Lyon. Discovering COOPI's places of origin
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25-08-2021 | di COOPI

Lyon. Discovering COOPI's places of origin

by Claudio Ceravolo


Passing through Lyon, I had to stop at places of origin of COOPI....

COOPI's real birthplace is at 13 quai Romain Rolland, the riverside promenade along the Saône, in Lyon (France).  Here, there was the headquarters of the Service du Laïcat Missionaire, established in 1959 by Jacques Chiflet with the aim of sending prepared lay people on mission; not only those who were spiritually mature, but also professionally capable and aware of the new development needs that were maturing in those years.

Starting from December 1961, Father Barbieri worked here permanently, together with Chiflet and three secretaries, and the first Italian volunteers who arrived for the training.  In fact, it was here that Barbieri decided to fund an Italian section of the Service du Laïcat Missionaire (there was already a Swiss and Belgian section, too), calling it "Cooperazione Internazionale". Today the house at number 13 is in poor condition: "squeezed" between a restaurant and other beautiful renovated houses, it no longer houses any association, but probably a few students with little money.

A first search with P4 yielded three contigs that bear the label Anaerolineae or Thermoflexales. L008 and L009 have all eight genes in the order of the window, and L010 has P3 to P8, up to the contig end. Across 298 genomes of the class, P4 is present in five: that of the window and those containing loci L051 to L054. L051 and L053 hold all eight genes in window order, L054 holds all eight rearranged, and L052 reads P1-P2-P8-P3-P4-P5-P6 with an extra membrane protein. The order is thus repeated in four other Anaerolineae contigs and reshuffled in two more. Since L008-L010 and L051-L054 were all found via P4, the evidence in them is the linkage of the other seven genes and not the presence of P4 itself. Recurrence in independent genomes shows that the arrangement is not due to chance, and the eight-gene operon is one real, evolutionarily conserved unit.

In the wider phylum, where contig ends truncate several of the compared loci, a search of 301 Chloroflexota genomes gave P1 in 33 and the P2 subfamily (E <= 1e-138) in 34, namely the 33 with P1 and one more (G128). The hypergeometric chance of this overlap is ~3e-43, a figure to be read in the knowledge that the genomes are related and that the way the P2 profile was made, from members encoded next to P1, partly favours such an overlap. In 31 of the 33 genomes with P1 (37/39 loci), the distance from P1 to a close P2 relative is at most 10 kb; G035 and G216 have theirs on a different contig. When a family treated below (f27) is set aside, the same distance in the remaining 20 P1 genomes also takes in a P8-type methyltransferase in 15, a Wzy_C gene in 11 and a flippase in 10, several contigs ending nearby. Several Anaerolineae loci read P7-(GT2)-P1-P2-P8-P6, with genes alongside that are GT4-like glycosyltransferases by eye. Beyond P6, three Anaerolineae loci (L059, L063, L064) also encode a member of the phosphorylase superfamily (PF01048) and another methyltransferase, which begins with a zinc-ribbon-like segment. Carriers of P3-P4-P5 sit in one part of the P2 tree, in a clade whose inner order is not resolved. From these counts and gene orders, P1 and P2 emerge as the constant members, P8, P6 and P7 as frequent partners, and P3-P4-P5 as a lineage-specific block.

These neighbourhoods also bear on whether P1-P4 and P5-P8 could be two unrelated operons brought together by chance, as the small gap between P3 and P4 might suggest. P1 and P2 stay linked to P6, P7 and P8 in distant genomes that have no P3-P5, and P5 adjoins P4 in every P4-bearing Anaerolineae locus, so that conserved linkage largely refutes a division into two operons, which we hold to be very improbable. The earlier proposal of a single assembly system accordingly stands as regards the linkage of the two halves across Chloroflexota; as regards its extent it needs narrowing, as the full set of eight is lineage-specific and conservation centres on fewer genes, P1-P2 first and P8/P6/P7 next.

The house stands down the Fourvière hill, at the top of which stands the Notre-Dame cathedral. It is a large two-storey church, now a centre for spirituality and cultural initiatives, but in the 1960s it housed the Jesuit theology faculty, where Barbieri studied. The Faculty of Theology was a fundamental intellectual hotbed for Catholic culture in those years: the journal Études and the book series Sources Chrétiennes were published here. The cathedral is still highly frequented today, and has very evocative areas, such as the crypt.  At the reception we found a gentleman old enough to remember us the Jesuit school: he showed us the building in which it was housed, which today has a souvenir shop on the ground floor.


Today, almost nothing lasts of the Lyon that saw the birth of COOPI. However, walking down the hill towards the centre, I was pleased to see that the city has named a square after Henri de Lubac, who was Barbieri's professor of Theology (and whom he sometimes remembered).  Like Barbieri, de Lubac was ousted from teaching because of his opinions that were considered heterodox; he was just readmitted to teaching in 1959, later becoming a Cardinal and one of the most influential figures of the Second Vatican Council.

From the "Henri de Lubac" Square there is a wide view over the city; I wonder that from here Barbieri broadened his gaze, making it reaches beyond the seas...

To learn more about the history of Father Barbieri and COOPI, click here.